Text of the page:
Fluoride is a commonly found ion that is prevalent throughout the environment and used in household products such as toothpaste, but it is particularly toxic for microorganisms such as bacteria and yeast. Although the most electronegative element in the periodic table and highly reactive, a prior study surprisingly discovered the existence of fluoride channels. These channels are believed to be protective as they can export the hazardous fluoride from within microorganisms.
To further explore the nature of this remarkable channel, a collaborative team comprising one of the original discoverers of the fluoride channel, based at Brandeis University in Massachusetts along with scientists from the University of Oxford and the University of Chicago set out to solve its crystal structure.
Crystal structure of the fluoride ion channel from Bordetella pertussis in complex with monobody binding proteins on either side of the channel pores.
The scientists chose to study a fluoride channel that had been identified from the Bordetella pertussis bacteria. Hydrophobic membrane proteins, such as the fluoride channel, are notoriously difficult to crystallise, so the group employed a new technique called lipidic cubic phase (LCP) crystallisation. To further enhance crystallisation, the team added engineered chaperone ’monobody’ proteins to form essential contacts with the crystal. The crystals were then flash cooled in liquid nitrogen prior to data collection.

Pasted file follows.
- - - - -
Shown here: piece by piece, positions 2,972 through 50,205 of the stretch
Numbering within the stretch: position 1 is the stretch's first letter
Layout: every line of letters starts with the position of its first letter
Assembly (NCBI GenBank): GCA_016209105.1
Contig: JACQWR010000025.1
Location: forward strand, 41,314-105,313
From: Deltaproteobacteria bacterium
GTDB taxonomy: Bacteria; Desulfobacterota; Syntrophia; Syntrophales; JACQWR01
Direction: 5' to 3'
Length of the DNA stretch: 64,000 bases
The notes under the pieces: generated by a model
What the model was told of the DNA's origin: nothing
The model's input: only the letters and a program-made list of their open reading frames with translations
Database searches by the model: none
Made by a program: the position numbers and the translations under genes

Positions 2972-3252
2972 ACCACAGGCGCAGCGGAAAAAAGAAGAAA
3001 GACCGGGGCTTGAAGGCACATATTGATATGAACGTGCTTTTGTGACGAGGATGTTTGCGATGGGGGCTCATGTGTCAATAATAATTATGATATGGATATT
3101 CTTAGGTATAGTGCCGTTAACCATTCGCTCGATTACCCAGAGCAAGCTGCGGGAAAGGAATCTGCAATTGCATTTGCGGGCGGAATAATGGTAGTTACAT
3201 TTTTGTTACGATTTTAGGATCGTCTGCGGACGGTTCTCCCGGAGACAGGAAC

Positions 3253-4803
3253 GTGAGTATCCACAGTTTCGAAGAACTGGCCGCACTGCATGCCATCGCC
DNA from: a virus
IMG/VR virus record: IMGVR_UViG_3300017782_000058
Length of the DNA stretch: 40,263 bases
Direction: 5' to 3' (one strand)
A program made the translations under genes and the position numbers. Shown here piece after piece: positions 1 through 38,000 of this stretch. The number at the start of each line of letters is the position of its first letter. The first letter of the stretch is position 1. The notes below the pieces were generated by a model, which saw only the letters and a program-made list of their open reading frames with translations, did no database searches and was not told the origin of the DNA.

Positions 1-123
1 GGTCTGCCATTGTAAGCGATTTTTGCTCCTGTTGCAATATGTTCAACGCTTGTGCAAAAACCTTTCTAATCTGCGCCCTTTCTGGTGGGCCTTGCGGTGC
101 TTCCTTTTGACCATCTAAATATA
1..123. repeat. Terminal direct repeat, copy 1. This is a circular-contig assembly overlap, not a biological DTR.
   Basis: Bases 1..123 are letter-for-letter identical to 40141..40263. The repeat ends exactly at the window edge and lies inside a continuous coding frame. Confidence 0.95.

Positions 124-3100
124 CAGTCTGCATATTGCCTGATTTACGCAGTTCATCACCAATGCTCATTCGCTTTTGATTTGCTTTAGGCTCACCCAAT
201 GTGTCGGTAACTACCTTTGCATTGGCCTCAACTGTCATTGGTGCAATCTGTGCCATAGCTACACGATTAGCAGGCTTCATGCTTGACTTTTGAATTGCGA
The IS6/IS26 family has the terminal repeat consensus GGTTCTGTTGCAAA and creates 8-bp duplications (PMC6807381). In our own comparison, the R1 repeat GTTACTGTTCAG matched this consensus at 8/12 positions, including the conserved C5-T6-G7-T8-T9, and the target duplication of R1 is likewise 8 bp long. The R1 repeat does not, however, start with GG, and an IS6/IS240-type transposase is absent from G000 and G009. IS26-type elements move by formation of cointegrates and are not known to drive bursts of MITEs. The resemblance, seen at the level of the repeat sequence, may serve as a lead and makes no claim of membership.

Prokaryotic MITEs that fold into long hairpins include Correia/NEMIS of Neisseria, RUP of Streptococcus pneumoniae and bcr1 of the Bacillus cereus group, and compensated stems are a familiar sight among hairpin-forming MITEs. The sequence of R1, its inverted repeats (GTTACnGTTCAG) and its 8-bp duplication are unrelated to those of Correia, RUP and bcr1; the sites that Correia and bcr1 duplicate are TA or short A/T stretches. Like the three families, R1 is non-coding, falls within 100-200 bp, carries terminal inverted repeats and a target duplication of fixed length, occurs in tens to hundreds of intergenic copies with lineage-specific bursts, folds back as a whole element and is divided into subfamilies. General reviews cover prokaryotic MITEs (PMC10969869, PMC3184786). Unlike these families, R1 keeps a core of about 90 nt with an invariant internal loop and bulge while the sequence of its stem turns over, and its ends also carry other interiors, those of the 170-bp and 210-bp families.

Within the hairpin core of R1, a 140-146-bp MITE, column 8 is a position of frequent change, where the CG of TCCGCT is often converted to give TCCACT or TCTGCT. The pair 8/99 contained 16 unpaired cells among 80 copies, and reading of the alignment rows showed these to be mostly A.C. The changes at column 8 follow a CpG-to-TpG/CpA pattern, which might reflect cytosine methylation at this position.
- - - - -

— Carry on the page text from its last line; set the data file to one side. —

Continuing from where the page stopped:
With the application of Macromolecular Crystallography (MX) beamlines I04
at Diamond, the team discovered that the structure of the channel was highly unusual. Associate Professor at the University of Oxford and investigator of the study, Dr Simon Newstead, explained: “It was a dual topology channel that was a homodimer, comprising two monomeric units that adopted opposite orientations in the membrane. These units come together to form a functional channel, which is an unprecedented finding. This is the first dual topology membrane protein ion channel structure. He elaborated: “Most channels are composed of monomers that are orientated in the same direction, but in this case one subunit is flipped 180° relative to the other to achieve dual topology architecture.”
Twice as efficient
The two subunits allow the channel to create two independent pathways for transporting fluoride across the membrane, via two distinct pores. This incredible arrangement makes the channel twice as efficient. The team also suspects that the channel specifically selects fluoride ions based on their electronegativity, in a process termed ‘electrodiffusion’. In typical ionic channels, the ions are usually selected based on other properties such as their interaction with water and size, so the fluoride channel displayed yet more remarkable features that set it apart from the rest.
By understanding how bacteria remove toxic fluoride, it is hoped that a novel bactericidal agent could be developed. Dr Newstead stated, “Mammalian cells don’t have the same problem with fluoride that microorganisms have. Effectively, fluoride isn’t toxic to us because it doesn’t accumulate in our cells as our bodies are buffered. However, fluoride is trapped in the acidic environment within bacteria, where it inhibits vital metabolic reactions. We could potentially use fluoride as a natural broad-spectrum bactericide, so our next avenue of research is to identify inhibitors of this channel.”